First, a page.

This article deals with ‘Earthquakes .’ This is part of our series on ‘Geography’ which is important pillar of GS-1 syllabus . For more articles , you can click here
Sudden release of energy in Earth’s crust, which leads to series of motions due to waves created by the released energy is called Earthquake. Hence , it is nothing but release of energy.
|Hypocentre/ Focus||Point inside surface where earthquake is generated by first rock displacement & fault is created.|
|Epicentre||Point on earths surface which is directly above hypocentre. Most destruction occurs here.|
Earthquakes occur in three forms of clusters
|Foreshocks||Occur before a larger one at same location.|
|Mainshocks||Are of highest magnitude & occur within an hour of foreshock.|
|Aftershocks||Are smaller quakes that occur at same general geographic location for days & even years after the larger main shock|
Types of Earthquake
1 . Types based on causes
a. Tectonic Earthquake
- Most common type are the tectonic earthquakes.
- These are generated due to sliding of rocks along a fault plane.
b. Volcanic Earthquake
- Due to volcanic eruption.
- But confined to areas having active volcanoes .
c. Collapse Earthquakes
- In the areas of intense mining activity, sometimes the roofs of underground mines collapse causing minor tremors.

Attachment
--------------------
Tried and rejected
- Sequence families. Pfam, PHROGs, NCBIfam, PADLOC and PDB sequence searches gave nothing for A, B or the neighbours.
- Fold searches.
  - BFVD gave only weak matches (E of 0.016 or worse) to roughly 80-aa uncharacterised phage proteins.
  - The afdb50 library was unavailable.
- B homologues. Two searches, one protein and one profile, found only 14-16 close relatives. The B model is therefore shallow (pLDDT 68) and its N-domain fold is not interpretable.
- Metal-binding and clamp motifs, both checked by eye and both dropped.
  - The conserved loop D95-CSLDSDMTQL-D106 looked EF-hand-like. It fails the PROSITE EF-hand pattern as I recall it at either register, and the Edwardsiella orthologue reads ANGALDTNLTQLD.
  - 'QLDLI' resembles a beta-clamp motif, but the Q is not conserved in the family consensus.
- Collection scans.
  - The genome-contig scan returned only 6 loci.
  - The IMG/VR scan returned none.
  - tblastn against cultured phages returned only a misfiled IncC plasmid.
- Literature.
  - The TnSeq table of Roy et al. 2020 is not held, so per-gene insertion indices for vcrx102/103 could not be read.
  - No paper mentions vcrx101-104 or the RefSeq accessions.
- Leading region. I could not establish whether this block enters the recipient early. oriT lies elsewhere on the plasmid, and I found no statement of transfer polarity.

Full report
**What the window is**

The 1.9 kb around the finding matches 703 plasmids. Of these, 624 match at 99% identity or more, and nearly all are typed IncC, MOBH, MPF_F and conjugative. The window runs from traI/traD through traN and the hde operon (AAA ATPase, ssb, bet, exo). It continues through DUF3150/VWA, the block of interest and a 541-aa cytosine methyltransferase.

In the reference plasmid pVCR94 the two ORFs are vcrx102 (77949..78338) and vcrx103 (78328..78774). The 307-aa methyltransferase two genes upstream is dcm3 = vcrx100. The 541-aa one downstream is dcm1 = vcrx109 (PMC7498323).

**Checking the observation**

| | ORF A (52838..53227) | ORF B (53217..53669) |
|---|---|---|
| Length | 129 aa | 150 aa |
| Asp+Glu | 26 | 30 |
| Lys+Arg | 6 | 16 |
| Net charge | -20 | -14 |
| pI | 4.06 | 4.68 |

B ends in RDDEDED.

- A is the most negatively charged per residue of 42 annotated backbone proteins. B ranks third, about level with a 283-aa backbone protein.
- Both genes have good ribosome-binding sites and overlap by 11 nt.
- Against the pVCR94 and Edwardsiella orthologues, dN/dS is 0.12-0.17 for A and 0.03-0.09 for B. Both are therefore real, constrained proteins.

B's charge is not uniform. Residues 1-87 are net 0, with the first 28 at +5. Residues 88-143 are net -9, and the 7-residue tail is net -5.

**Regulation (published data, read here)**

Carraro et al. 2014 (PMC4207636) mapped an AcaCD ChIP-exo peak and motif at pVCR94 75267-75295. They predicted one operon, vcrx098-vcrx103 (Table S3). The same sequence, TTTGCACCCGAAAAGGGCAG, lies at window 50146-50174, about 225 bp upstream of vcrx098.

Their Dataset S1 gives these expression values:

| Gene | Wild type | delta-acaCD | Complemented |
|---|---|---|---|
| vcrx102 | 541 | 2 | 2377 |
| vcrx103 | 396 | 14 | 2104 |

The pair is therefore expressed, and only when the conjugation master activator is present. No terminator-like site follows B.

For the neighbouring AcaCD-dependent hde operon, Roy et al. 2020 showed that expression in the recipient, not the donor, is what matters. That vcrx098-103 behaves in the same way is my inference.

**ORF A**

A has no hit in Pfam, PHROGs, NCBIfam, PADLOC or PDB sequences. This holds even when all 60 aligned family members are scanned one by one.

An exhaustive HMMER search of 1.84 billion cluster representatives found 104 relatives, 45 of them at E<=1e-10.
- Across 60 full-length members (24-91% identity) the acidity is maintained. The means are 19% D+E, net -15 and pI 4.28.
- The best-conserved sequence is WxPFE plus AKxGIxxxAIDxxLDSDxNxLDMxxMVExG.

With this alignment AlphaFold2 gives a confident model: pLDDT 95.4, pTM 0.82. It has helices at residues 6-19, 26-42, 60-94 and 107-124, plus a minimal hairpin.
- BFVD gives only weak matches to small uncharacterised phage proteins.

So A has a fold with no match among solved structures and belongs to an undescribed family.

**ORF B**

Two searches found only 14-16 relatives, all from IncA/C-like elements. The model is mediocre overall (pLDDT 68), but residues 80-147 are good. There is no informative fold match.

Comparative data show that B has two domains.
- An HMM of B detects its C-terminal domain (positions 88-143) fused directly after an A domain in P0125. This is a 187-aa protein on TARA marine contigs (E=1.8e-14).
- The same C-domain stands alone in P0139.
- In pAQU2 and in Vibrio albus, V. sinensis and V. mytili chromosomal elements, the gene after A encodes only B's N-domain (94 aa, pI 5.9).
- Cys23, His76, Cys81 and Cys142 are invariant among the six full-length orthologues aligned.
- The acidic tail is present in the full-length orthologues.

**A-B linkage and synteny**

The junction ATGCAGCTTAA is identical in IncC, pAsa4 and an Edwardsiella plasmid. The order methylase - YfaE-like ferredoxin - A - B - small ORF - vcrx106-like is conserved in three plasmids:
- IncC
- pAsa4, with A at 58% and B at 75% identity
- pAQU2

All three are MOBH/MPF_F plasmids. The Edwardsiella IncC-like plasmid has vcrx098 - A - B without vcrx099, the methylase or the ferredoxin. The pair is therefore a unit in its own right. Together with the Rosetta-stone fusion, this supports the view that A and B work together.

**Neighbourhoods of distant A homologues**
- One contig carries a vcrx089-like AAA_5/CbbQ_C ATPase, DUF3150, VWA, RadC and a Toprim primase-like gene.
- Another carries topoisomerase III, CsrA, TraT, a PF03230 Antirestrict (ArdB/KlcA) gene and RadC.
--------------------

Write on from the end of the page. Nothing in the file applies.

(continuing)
d. Explosion Earthquake
- Ground shaking may also occur due to the explosion of chemical or nuclear devices.
e. Human Induced Earthquake
- Earthquakes that occur due to human activities
- Reservoir induced seismicity
- Mining related seismicity
- Groundwater extraction related earthquake
Types on basis of depth
a. Shallow focus
- Hypocentre is upto 70 km
- Not felt away from epicentre
- Cause maximum destruction in the region near epicentre (energy released is close to surface)
b. Medium focus
- Hypocentre is from 70 to 300 km
- Distance of impact and destruction potential between deep focus and shallow focus.
c. Deep Focus
- Hypocentre is below 300 km
- Felt upto large distance from epicentre
- Cause low destruction
Side Topic : Why maximum destruction is near the epicentre?
As one moves away from the epicentre, wavelength of surface wave will increase. Hence, building situated near the epicentre will fall on both crest and trough of wave causing building to collapse while building situated away from the epicentre will either fall entirely on crest or trough not doing much damage.
Effects of Earthquake
Earthquake is a natural hazard. The following are the immediate hazardous effects of earthquake:
- Ground Shaking
- Land and mud slides.
- Soil liquefaction.
- Ground lurching .
- Ground displacement
- Floods from dam and levee failures .
- Structural collapse.
- Falling objects
- Change in course of river
- Human and property loss
- Cracks in building
Earthquake Belts in World
Three major earthquake belts in this world :-
a. Circum-Pacific Belt
- Along a patch surrounding the Pacific ocean
- Region of great seismic activity eg Japan, Philippines, Chile etc lies here
- Coincides with Pacific Ring of Fire.
b. Alpine Himalayan Belt
- Runs through mountainous region that flank Mediterranean Sea extend through Iran & Himalayan mountains
- Frequent & destructive earthquakes occur here.
c. Other areas
- Northern Africa
- Rift Valley areas of the Red Sea and the Dead Sea.
Earthquakes In India
- India has high frequency of great earthquakes (greater than 8.0) .
- Tectonic setting of India .